Votto's impact and the most valuable MLB players to the moneyline

Jul 17, 2012 |
Votto's impact and the most valuable MLB players to the moneyline
Joey Votto's knee surgery will shake up the Reds' moneyline odds.
Joey Votto's knee surgery will shake up the Reds' moneyline odds.
The Cincinnati Reds have a big hole to fill with former National League MVP Joey Votto hitting the disabled list following knee surgery this week.

The Reds, who are one game ahead of the Pittsburgh Pirates in the NL Central, will likely see a dip in their moneyline odds until they figure out how to win without the All-Star first baseman, who was hitting .342 with 14 home runs and 49 RBIs before suffering a torn meniscus.

Votto, according to Las Vegas oddsmakers, is one of the most valuable players in the majors when it comes to the moneyline, estimating his worth around 10 cents.

He’s not alone atop the list either. Covers polled books and bettors to find out which position players have the biggest impact on the MLB moneyline odds:

Dime players

Andrew McCutchen, Pittsburgh Pirates

McCutchen is a terrific player on a terrible team. His .372 average, 21 home runs and stellar work in the outfield have nearly singlehandedly taken the Bucs to the top of the NL Central.

“He’s worth it because of his situation,” Chris Andrews, assistant sportsbook director at Cal-Neva, told Covers. “He’s in the hunt for MVP so he’s in that position now. Pittsburgh has no one besides him.”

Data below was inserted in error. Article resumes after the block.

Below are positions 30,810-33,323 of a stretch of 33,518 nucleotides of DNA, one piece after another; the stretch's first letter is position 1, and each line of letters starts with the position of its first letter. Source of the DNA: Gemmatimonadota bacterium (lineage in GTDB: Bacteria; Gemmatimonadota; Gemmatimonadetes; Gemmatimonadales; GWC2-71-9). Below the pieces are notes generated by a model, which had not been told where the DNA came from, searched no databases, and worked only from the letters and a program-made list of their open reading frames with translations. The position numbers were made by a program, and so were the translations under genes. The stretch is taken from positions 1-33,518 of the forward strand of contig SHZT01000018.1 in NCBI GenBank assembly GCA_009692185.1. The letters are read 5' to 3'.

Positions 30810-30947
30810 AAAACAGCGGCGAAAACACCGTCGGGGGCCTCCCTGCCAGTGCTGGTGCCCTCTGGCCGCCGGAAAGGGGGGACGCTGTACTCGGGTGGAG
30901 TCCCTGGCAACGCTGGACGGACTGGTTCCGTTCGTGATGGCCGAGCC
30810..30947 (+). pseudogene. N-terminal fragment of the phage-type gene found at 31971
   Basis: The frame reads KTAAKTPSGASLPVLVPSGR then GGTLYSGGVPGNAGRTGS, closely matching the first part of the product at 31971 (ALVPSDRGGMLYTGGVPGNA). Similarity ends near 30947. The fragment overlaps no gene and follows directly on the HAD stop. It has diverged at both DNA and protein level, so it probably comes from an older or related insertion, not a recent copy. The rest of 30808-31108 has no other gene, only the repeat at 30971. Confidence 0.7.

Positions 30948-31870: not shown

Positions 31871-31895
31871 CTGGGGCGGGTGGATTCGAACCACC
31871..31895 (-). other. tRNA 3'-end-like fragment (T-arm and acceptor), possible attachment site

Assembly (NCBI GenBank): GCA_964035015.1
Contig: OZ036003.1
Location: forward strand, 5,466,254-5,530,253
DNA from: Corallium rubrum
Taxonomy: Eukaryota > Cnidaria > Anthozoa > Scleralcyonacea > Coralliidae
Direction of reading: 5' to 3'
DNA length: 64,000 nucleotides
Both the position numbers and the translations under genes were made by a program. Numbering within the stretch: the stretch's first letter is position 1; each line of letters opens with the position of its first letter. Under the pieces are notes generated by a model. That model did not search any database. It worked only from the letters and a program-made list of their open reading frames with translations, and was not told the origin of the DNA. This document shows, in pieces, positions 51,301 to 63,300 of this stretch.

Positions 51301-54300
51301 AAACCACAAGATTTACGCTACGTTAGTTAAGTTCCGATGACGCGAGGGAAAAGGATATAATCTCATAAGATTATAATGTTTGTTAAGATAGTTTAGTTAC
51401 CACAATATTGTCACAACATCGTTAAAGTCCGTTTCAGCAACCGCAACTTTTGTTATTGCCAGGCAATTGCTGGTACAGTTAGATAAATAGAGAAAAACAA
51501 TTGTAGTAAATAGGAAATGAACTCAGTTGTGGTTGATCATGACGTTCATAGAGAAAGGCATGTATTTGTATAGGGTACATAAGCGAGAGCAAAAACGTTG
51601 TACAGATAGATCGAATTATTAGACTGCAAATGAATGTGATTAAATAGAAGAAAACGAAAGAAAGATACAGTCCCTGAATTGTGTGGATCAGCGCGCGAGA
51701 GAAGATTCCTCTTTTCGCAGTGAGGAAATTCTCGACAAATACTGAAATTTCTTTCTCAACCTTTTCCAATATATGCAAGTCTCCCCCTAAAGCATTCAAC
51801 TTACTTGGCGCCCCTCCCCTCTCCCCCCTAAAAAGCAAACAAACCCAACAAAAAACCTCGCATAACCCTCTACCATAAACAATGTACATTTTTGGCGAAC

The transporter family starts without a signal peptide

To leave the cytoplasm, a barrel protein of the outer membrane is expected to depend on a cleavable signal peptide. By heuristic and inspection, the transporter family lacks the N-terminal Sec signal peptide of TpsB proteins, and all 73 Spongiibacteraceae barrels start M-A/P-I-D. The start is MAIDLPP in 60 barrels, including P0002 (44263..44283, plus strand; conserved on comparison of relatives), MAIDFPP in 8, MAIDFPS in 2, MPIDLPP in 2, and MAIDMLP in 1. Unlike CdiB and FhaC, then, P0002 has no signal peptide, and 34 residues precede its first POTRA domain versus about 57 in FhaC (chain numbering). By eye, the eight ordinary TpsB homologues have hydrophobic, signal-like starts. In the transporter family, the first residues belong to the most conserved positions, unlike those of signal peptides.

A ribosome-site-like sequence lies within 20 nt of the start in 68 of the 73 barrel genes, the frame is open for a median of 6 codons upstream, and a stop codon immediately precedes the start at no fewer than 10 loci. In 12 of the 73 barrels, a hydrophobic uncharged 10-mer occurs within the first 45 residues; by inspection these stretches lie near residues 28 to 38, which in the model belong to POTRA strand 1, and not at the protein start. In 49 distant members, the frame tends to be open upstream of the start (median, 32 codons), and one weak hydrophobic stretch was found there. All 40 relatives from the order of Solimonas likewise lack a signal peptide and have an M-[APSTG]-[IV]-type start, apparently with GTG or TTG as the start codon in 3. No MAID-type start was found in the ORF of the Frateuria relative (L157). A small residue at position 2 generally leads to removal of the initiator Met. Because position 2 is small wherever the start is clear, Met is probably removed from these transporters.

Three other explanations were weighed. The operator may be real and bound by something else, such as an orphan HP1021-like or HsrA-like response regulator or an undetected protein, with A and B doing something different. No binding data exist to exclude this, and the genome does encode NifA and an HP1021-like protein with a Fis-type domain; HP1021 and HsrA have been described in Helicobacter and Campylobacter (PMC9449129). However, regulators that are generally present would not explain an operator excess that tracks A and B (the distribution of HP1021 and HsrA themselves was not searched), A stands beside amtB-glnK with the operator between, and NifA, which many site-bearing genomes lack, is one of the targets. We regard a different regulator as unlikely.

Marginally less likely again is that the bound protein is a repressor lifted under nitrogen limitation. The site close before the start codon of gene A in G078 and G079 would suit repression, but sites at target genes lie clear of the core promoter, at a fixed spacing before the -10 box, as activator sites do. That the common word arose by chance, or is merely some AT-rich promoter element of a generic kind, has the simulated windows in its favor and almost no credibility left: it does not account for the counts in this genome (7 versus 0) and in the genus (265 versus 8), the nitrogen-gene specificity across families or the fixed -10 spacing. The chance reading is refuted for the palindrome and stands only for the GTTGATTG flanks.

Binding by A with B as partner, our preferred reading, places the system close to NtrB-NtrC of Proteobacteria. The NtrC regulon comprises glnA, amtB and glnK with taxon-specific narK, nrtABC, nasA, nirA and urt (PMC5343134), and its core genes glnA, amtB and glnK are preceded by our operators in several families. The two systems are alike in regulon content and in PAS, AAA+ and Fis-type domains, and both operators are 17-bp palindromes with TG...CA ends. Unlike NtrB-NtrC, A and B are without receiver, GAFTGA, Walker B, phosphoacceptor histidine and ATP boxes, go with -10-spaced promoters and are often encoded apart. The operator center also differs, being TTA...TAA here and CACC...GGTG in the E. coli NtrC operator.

Miguel Cabrera, Detroit Tigers

There was some debate over which Tigers star was worth more to the moneyline, Cabrera or Prince Fielder. However, Cabrera wins out (Fielder ranks in the nickel range) because of his work at third base and Detroit’s lack of depth at the hot corner.

Josh Hamilton, Texas Rangers

The former AL MVP still qualifies among the most valuable players to the moneyline despite Texas having a surplus of talent to absorb his absence. The Rangers are 5-2 without Hamilton in the lineup this season, thanks to the bats of Adrian Beltre and Ian Kinsler.

“You look at that team, and there are a lot of good players around him,” Andrew Patterson, oddsmaker for the Las Vegas Sports Consultants, told Covers. “If he was on a lesser team, like Seattle that struggles with offense, then he’d easily be the most valuable player.”

Matt Kemp, Los Angeles Dodgers

Kemp proved his worth with a huge opening to the season, which sparked the Dodgers’ run to the top of the NL West. His nagging hamstring injury has also shown just how valuable Kemp is, after L.A. tumbled without its star outfielder.

Mike Trout, Los Angeles Angels

Trout was another player that sparked debate among MLB betting types. His contributions to the Halos since being called up are huge, hitting .348 with 12 homers and 42 RBIs. Some oddsmakers didn’t think Trout was quite in the 10-cent range, but wouldn’t deny his impact on the Angels.

“A center fielder who hits and runs - good God,” says Andrews. “I know we’re jumping the gun a bit, but we’re betting on today’s games, not five years down the road. And today, he’s had the biggest impact of any player.”

Six to eight cent players

Evan Longoria, Tampa Bay Rays

Most agreed that when healthy, Longoria is easily worth 10 cents to the moneyline. But the Rays stud third baseman is rarely 100 percent and is currently on the 15-day DL nursing a torn left hamstring. He’s only played in 23 games this season, with Tampa Bay going 31-36 (-10.40 units) without him.